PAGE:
November 17, 2016 Updated July 12, 2018
What They Do: Keep powdered foods free-flowing so they don't stick together, and prevent moisture absorption.
Some of these products could be considered real, such as baking soda or corn starch (depending on the exact form of these particular ingredients). However, most of the uses would not be considered real, and many will contain gluten. You need to step back from what the ingredient is sometimes, and see why it is used.
For example, corn starch is used to keep powdered sugar from clumping back together. If we step back and look at that, and where icing sugar is used, we'd see that corn starch, in small amounts, would be suitable to be used on a cake, with icing sugar icing. It may be somewhat processed, but it's not a completely foreign use. When you need to eat gluten free, this is one of the reasons why OTHER products that we wouldn't think of as having gluten, will in fact have gluten, and that's why you need to purchase only gluten free packaged foods.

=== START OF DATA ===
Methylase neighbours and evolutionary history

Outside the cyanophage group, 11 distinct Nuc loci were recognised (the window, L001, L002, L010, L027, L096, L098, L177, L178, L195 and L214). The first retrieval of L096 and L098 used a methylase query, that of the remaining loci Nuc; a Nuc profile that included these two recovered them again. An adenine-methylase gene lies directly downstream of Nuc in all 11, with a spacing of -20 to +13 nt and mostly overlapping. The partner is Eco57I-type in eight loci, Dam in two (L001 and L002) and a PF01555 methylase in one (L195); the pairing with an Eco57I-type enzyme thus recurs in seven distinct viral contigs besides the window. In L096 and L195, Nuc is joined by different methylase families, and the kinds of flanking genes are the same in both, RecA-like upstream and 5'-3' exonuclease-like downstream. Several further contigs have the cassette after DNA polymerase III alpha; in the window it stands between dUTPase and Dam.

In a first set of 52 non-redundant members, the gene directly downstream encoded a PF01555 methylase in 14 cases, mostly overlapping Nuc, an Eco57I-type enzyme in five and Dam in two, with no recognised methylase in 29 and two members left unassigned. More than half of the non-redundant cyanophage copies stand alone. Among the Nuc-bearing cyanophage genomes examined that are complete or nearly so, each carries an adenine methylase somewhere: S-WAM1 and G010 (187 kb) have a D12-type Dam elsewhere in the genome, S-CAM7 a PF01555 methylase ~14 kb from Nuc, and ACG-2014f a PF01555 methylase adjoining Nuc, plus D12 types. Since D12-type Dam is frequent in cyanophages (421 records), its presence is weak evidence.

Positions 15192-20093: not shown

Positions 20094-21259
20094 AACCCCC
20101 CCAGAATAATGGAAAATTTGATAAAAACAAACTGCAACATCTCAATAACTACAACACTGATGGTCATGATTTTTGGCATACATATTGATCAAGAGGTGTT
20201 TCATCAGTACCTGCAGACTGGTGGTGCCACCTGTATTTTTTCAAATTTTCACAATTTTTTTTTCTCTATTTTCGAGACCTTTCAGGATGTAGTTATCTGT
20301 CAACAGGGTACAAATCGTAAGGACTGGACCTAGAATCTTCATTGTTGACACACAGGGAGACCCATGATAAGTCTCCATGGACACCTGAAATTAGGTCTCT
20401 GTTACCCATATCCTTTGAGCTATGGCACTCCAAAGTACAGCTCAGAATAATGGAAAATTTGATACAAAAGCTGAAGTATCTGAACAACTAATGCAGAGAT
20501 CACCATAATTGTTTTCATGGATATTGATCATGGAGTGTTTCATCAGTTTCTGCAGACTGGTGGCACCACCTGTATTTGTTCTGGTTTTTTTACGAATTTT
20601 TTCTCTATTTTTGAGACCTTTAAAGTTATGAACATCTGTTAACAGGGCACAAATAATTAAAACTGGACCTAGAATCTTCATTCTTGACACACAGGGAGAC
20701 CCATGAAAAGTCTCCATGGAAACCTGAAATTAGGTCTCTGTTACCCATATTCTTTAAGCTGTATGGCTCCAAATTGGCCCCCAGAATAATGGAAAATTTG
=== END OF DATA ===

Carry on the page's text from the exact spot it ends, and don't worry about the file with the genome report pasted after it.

On the other side of the coin, however, we find things like calcium silicate used as an anti caking agent to keep things from clumping together. This product is a rock, pure and simple, and is manufactured in a lab setting, and is not created in a kitchen. It's used to make things last longer, and have a nicer visual appeal. It is not added to improve the food, and would never be used in a home kitchen. It also often contains aluminum, which has been shown to be toxic to humans. When you have Celiac disease, you have a damaged digestive system, and these types of ingredients will put undue stress on your stomach, and will prevent it from healing, and from working at its best.
Most ingredients used for this purpose would not be considered real food, and many will contain gluten.
Click underlined ingredients to learn more, and find out more about what each item does in specific types of foods.
Found used in these foods to keep them from clumping or sticking together:
- Baking powder
- Confectioner's sugar
How it may be described on a label:
- Anticaking agent
- Anti-stick agent
- Drying agent
- Dusting agent
Examples of anticaking agents:
- Baking powder
- Calcium silicate
- Corn starch
- Disodium phosphate
- Iron ammonium citrate
- Modified cellulose
- Powdered cellulose
- Propolene glycol
- Silicon dioxide
The free 10 Step Guide is packed full of tips, tricks, recipes and regular Member only tips to get you started on the road to healthy gluten free living.
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